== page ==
With my anniversary looming, I needed an amazing present and, being me, I needed to make it myself. I got ahold of a friend to finish our quick fork of a star chart generator script we had started a while back. A few days later, I had made the best present for my wife that I’ve come up with yet: a glowing LED model of the sky from the night we got married. Here’s how to make one too.
Design the Star Map
For the map, I used d3-celestials’ interactive webform, centering the sky at a specific date and time with a custom Python script to generate the star map and export an SVG. If you’re feeling adventurous and have a decent know-how of Python, try making your own script to get a date-and-location-specific star array. Otherwise, use my file of the northern hemisphere sky.
Process the SVG
The SVG that comes out of our export script (Figure A) does not render well when opened in Inkscape (Figure B), which is needed for many laser cutters. The different objects are broken into groups rather than layers, so we need to add them. Layers will help make different processes in the laser’s software. I used four layers, named Grid, Stars, Constellations, and Milky Way.
Build the Back Sheet and Frame
First, cut a piece of ¼” ply to the final dimensions of your project for your back sheet. I made my frame 30″×22″ — I wanted the map to be as large as possible so even the smallest star would get light though.
Cut the Spacer
I used my CNC router to cut ¾” MDF into a spacer, to give the LEDs some distance to diffuse and be the right thickness to accommodate the LED controller. Any solid material will work, such as 3 sheets of laser ply laid up with wood glue. Be sure to allow slots for any wiring or IR receivers for the LEDs if yours has a remote.
NOTE: Make the inner diameter of the spacer slightly smaller than the outer diameter of the star circle (Figure C). This will give support to glue the stars down and keep light from leaking out of the border.
Determine LED Placement
Lay out your LED strips to go as close to full length as the cut lines will allow. Mine were spaced about 3″ apart (Figure D) and the lighting was extremely even and plenty bright. Experiment with your LEDs before gluing. Once you get them placed the way you want, mark them and solder jumpers to connect the strips — 3″–5″ wires seemed to work well in mine.
Cut Background Sheet
Find the nicest piece of your ply and cut it to the final size of your project. Then laser cut a circle the same size as your star map. Very lightly sand and spray paint (Figure E) the background board and the edge trim. I like to prime everything that is bare wood, using 1–2 coats of sand-able primer from the same company that makes whatever base I’m using — that way I know the solvents will likely play nice together. Finish with 2–3 coats of clear.
I like to cover my project with blue painter’s tape to keep smoke off of the light surface of the birch plywood. For my map, I ran each layer like this:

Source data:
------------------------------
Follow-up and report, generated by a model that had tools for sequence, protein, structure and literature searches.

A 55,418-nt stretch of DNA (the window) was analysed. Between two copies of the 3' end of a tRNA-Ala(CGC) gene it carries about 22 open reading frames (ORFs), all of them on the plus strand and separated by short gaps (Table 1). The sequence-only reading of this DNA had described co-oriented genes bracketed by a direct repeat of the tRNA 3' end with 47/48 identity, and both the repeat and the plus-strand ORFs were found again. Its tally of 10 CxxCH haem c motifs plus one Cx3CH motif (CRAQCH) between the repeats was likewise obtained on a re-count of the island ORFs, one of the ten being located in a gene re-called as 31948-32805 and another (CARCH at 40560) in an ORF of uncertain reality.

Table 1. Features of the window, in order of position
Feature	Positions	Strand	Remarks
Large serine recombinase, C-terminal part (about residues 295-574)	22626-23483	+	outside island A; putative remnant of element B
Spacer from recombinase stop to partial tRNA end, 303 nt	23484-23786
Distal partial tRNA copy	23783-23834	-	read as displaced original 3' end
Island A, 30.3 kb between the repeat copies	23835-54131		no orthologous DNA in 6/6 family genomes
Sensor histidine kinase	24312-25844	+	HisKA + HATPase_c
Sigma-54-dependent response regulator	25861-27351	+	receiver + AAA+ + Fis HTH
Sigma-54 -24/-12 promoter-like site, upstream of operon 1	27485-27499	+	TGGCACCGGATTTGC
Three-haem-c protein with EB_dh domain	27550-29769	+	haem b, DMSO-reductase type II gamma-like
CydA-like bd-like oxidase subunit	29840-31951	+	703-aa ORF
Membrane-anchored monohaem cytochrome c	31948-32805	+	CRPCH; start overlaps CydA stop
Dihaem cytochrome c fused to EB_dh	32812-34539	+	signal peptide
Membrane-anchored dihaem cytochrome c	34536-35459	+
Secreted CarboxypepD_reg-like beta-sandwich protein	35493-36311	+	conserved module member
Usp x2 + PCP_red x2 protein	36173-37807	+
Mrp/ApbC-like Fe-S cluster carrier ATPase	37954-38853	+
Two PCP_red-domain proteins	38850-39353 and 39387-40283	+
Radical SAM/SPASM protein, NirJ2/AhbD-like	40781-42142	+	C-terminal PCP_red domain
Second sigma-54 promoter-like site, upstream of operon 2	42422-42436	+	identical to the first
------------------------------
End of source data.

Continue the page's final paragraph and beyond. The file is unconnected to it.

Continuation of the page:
a. Cut Stars
b. Lightly vector-etch the astronomical grid
c. Slightly darker, etch the constellations
d. Milky Way — I broke this into 5 layers and power settings and raster etched each layer starting with the lightest layer and moving to the darkest.
I had to cut my map in 2 pieces because I wasn’t able to find laserable birch ply with good inner plies in large enough sheets to fit the full map, so I split it along the upper line of the Milky Way (Figure F). Once cut (Figure G), clean the tape off the project and clean any remaining bits off with a lint-free cloth and some isopropyl alcohol. Then take the clear coat you used on your background and put 2 coats on the map to seal it from moisture.
Lay out the LEDs and route wires according to your marks on the back board. Screw them down with clips (I laser-cut thin tabs with screw holes for mine). Make sure to not tighten them down fully and pinch the strip — power them up and test before going forward. Put glue on the back of the inner brace and lay it down, again being careful to not pinch wires (Figure H). Place the LED controller (and IR receiver if using).
Put glue on the top of the inner brace and gently lay the background on the top. Shift it into position making sure the circle for the map is centered and the ledge for the map to rest on is even. Put a soft cloth on the dry, painted surfaces and add some weight to make sure everything is flat and compressed while the glue dries overnight.
Cut the trim to fit the edges of the frame. I used a few drops of glue and brads to hold the trim on. Once the trim is on look for any spots that need touch up on the paint. If your frame is thicker than your trim, lightly hit any exposed frame with base coat.
Glue in the Map
Put a small amount of glue on the rim of the brace. Gently place the map into the background and press it into the glue. Once it’s set put another coat of clear over the whole project and let it dry (Figure I).
Hang your map near a power outlet so you can light your LEDs easily. Be aware that this thing is probably pretty heavy so plan accordingly for hanging it.